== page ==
As I sat in a 3 hour meeting listening to the special education diagnosis of one of my students, I couldn't help but cry. While I have questions about our system and wonder why a meeting must take 3 hours, I comment the parents for being there. I commend the parents for listening for 3 hours. Quite frankly after 2 hours I had had enough. Then I listened to the mother state what she feels her child's greatest weaknesses are at this time. She said it in a calm voice, in Spanish and this was translated to me: "I understand my child cannot read, she does not know the words, she does not know the words she reads, she does not know what she writes. I ask her if she needs help and she says no, but she cannot do the homework. My daughter is not where she needs to be. But she is just a child and she is going to learn." With tears in my eyes, I stepped out of the room. This mother who had hugged me when the meeting started got it. This mother who had now sat there for over 2 hours with two other children on her lap did not need to endure any more. I stepped back in. Her strengths: "When I am cleaning my room, she cleans her room, she is kind, she is a good big sister, she helps her sisters, she is very tender." I began to cry again as I grabbed a tissue. 

I wanted to reach over to that mom and tell her that I was going to help her daughter no matter what. AND I AM! However at that moment her 2 year old had fallen asleep in her arms. At that moment though, it didn't matter that my grades were not complete, that my test had not been administered, that I was still undecided on what I wanted to teach in from of my principal the next day. What mattered and still does matter are my students. I am here for one reason and that is to teach. I am their teacher. I am there to make sure they are happy and cared for. I cannot be everything to everyone in my school building but I can be the most important person to my students and I will not back down from that job. 

Don't we look all pretty in pink as we had a PINK OUT for Breast cancer just this past Friday at the end of a very long week. I even got some of my boys wearing pink!


  1. Omg.... I can't believe there are 13 of you. I teach with one other second grade teacher!!!! Good luck this year!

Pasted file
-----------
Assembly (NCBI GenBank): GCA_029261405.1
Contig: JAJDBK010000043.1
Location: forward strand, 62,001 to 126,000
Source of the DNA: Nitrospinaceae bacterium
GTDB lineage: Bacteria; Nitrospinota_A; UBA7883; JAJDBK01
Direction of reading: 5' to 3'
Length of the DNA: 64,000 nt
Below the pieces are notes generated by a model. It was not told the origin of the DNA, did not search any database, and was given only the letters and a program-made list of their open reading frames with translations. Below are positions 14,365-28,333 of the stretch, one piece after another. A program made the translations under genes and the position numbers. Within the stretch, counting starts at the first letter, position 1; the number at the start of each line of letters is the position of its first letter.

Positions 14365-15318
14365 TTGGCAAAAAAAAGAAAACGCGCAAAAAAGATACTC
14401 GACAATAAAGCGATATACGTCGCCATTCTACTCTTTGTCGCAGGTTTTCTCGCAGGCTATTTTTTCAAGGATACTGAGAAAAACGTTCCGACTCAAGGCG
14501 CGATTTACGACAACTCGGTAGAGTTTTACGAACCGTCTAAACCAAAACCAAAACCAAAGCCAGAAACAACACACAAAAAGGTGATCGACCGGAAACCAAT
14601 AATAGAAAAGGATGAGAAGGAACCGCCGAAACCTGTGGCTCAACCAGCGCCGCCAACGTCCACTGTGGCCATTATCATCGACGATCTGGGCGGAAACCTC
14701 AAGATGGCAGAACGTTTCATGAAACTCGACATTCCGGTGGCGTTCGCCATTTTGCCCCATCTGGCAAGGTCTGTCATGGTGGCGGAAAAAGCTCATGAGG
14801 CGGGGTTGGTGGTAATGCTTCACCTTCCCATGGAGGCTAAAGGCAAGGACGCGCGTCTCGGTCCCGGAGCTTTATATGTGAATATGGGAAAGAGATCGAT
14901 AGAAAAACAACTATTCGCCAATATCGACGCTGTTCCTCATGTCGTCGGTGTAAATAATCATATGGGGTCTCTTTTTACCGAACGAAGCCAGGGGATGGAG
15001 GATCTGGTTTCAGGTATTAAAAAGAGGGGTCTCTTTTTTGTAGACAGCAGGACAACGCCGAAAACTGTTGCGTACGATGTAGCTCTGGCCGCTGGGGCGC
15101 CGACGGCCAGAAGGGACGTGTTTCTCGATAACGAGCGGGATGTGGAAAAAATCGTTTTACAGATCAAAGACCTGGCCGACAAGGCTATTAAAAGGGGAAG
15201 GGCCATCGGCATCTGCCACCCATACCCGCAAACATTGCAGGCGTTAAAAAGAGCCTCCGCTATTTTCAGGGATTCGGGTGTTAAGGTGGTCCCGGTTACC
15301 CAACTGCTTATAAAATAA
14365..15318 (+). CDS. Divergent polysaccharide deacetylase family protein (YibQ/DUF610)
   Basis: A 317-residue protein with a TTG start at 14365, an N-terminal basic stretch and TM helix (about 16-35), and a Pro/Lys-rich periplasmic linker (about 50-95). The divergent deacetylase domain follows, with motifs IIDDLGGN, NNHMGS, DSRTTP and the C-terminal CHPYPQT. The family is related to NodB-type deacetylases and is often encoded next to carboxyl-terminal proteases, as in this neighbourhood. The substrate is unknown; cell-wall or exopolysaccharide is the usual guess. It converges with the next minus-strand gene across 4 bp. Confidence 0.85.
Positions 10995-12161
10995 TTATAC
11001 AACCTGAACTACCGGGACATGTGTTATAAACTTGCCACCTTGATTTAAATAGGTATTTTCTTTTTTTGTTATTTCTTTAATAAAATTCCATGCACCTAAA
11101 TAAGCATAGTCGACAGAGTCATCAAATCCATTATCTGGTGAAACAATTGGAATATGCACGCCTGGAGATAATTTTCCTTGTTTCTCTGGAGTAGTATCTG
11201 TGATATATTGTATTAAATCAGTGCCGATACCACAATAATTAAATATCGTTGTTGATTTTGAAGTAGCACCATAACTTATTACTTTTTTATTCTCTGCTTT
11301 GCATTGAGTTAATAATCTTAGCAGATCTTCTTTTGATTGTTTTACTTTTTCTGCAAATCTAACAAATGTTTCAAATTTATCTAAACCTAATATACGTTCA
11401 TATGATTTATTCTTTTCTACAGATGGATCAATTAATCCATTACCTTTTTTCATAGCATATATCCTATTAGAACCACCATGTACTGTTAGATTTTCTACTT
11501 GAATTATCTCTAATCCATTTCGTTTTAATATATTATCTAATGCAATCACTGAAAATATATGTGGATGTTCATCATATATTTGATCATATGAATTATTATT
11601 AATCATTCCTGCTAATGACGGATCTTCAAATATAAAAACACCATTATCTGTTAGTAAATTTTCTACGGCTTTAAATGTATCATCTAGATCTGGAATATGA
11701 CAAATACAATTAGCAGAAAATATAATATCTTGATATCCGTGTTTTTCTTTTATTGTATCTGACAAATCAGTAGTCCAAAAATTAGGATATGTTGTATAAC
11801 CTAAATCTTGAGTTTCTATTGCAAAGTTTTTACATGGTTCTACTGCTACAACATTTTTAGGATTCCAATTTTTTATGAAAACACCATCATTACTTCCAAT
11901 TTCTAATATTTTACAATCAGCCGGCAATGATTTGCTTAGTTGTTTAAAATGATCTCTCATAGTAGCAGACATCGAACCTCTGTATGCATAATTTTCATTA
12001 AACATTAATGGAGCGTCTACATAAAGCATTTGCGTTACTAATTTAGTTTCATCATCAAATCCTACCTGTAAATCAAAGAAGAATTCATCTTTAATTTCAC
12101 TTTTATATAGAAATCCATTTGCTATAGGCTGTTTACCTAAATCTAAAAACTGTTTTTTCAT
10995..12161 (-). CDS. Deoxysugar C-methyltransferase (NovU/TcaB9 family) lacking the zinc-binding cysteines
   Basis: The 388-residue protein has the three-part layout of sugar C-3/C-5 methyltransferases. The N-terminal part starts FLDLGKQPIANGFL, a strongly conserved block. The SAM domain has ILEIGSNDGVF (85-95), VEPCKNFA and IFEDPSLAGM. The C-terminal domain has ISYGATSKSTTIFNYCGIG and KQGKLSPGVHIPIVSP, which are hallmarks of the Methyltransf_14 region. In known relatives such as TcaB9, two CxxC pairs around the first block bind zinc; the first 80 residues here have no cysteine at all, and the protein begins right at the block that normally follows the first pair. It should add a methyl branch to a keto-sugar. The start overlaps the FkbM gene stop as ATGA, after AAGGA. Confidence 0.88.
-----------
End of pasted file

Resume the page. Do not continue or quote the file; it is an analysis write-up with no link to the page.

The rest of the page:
2. You can do it. Make sure you give yourself a little break- sounds like you deserve it!


  3. Yay for you, I know you will help every child, bless your heart I hope things even out.

    I am so glad for educators who never give up. You are blessing little lives every day, never forget that.


  4. I know how you feel. We all have times when we consider doing something else (I've even practiced saying, "Welcome to Wal-Mart" for a while just in case). I've found that when you push through those rough times, things do get better. Just remember that you are making a difference.
    Teachin' First

  5. AMEN!!! What a fabulous post!! We've all been there...as a teacher you have to have that love for the kids. The love you have and showed to that mom.... she knows you will do everything in your power to help that little girl. Your administrator who watched you grab a tissue with tears in your eyes knows you care. Don't worry about your lesson... if your admin can see your love and desire to teach (which you have abundantly) you will do fine in your observation. It is and always will be about the kids. Great post!

  6. Your love for your students clearly shines through this post. I had tears in my eyes as I read it. Teachers like you make me proud to be a teacher. I hope the days get better!

    Thinking Out Loud

  7. Thanks for stopping by my blog. I am also so moved by your posts. The families you work with are so lucky to have you. Best wishes for the next 9 weeks.


Back to Top